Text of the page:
August 12, 2005 | Mark Paradies

Using TapRooT® to Analyze Human Error

Examples of Bad Layouts

Advanced Human Performance Technology

The press frequently highlights the fact that accidents, incidents, quality problems, maintenance errors, medical errors, and many near-misses are due to human error. What does it take to improve human performance and stop human error? Advanced human performance technology.

Analyzing human performance was the original focus of TapRooT® and still is one of the biggest strengths of the TapRooT® System.

Mark Paradies, one of the initial co-developers of the TapRooT® System, became familiar with advanced human factors technology during his studies at the University of Illinois. Mark had been in the Nuclear Navy for five years and was familiar with errors that operators and mechanics make even when they are well trained and have good procedures. His study of human performance taught him the theory behind human error and advanced concepts that could be applied to correct human factors problems. But these concepts and human factors theories aren’t very accessible to plant personnel, engineers, and managers (who were, in general, not trained in human factors).

So Mark decided to build the knowledge of human factors into the TapRooT® System without requiring advanced study. This required careful design of the TapRooT® System to include advanced human performance technology without the jargon used by exeprts. What kind of advanced human performance technology did Linda Unger, the other prime developer, and he build into the TapRooT® System? Here is a sample:

1. The SOR Model of Human Performance
2. Rasmussen’s Skill-Rule-Knowledge Model of decision-making.
3. Advanced Job Performance Aids (procedures) practices.
4. The Systematic Approach to Training (SAT).
5. Application of Cockpit Resource Management.
6. Ergonomics (anthropometrics).
7. Team performance technology.
8. Communication reliability practices.
9. Short Term and Long Term Memory models and limitations.
10. Paradies’ Management System model.
11. Behavior-Based Safety models and practices.
12. Corrective Action Management best practices.
13. Audit and assessment best practices.
14. Employee management good practices.
15. Roscoe’s Display Principles.
16. Paul Fitt’s system concept.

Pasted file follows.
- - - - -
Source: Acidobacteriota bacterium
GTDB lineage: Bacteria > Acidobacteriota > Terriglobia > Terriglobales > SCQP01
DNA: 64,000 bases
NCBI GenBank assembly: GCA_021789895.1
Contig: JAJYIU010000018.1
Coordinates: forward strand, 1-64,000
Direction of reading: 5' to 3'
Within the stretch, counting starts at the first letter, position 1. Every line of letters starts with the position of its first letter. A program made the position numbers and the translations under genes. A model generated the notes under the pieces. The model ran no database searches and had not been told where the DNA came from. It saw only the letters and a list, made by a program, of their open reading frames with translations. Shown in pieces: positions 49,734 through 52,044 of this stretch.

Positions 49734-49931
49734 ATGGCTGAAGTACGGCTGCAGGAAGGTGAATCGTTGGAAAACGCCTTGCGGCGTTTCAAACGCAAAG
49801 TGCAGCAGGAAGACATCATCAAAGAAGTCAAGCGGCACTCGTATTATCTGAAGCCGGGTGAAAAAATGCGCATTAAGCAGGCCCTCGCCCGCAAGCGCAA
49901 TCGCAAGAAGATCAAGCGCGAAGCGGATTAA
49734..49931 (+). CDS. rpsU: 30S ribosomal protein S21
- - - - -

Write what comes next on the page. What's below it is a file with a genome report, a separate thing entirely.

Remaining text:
17. Chris Wickens’ concepts on mental models.
18. James Reason’s Swiss Cheese Model of error.
19. Charles Hopkins’ concepts on human factors design.
20. Smoke Price’s concepts on automation and function allocation.
21. Paradies’ Concepts on labeling and Functional Naming of equipment.
22. Advanced concepts on fatigue and alertness.
23. Advanced trending concepts.
24. Paradies’ and Unger’s model of human performance troubleshooting.

And the best part of TapRooT® is that this advanced human performance technology is invisible to the user. You don’t have to learn about all the concepts presented above, have a PhD in Psychology, or hire a human factors expert to take advantage of it. You just answer the questions and follow the guidance that TapRooT® provides to find the root causes of human performance problems. Once the root causes have been identified, you then use the Corrective Action Helper® Module in the TapRooT® Software to help you develop effective fixes to human factors problems.

Unfortunately because this technology is invisible, some people become convinced that they need a more complex, more difficult, harder to understand method to analyze human error. Some are even fooled that more basic human factors analysis concepts like Task Analysis or methods developed by engineers (Failure Modes and Effects Analysis, Hazop, or Fault Tree Analysis) that have been modified to analyze human performance problems are more advanced because they are harder to use. But difficulty in applying a tool does not mean that you will get better results.

Also, some have developed simplified models (that may seem complex) based on the Skill-Rule-Knowledge model initially developed by Rasmussen. These simplified systems put almost complete responsibility for improved performance on the operator, maintenance person, and supervisor. I often call these the “be careful” methods of human performance improvement. Of course, being careful is good. But the methods miss some glaring opportunities for improvement because they focus so much of their human performance improvement effort trying to make people at the “sharp end of the stick” recognize error likely situations and then be careful when they are in one of those situations.

In our experience, neither the more difficult systems or the more simplified (but seemingly complex) ones produce better results than finding and fixing the root causes of human performance problems as accomplished by applying TapRooT®.

So if you are interested in advanced methods to analyze and prevent human error and you don’t mind that the techniques have been “human factored” to be easy to use ??? you should be using TapRooT®.

The best course to learn TapRooT® so that you can apply it to analyze human error is the 5-Day Advanced TapRooT® Investigator Team Leader Course. This course includes the TapRooT® Software (with the Corrective Action Helper® Module) and has many exercises that analyze simple and complex human errors.

So if you are interested in advance human performance technology that can help you stop human error, learn the TapRooT® System and apply it to fix the root causes of human error.

Read a paper (pdf format) about using TapRooT® to analyze a human error that causes an environmental release at a chemical plant.

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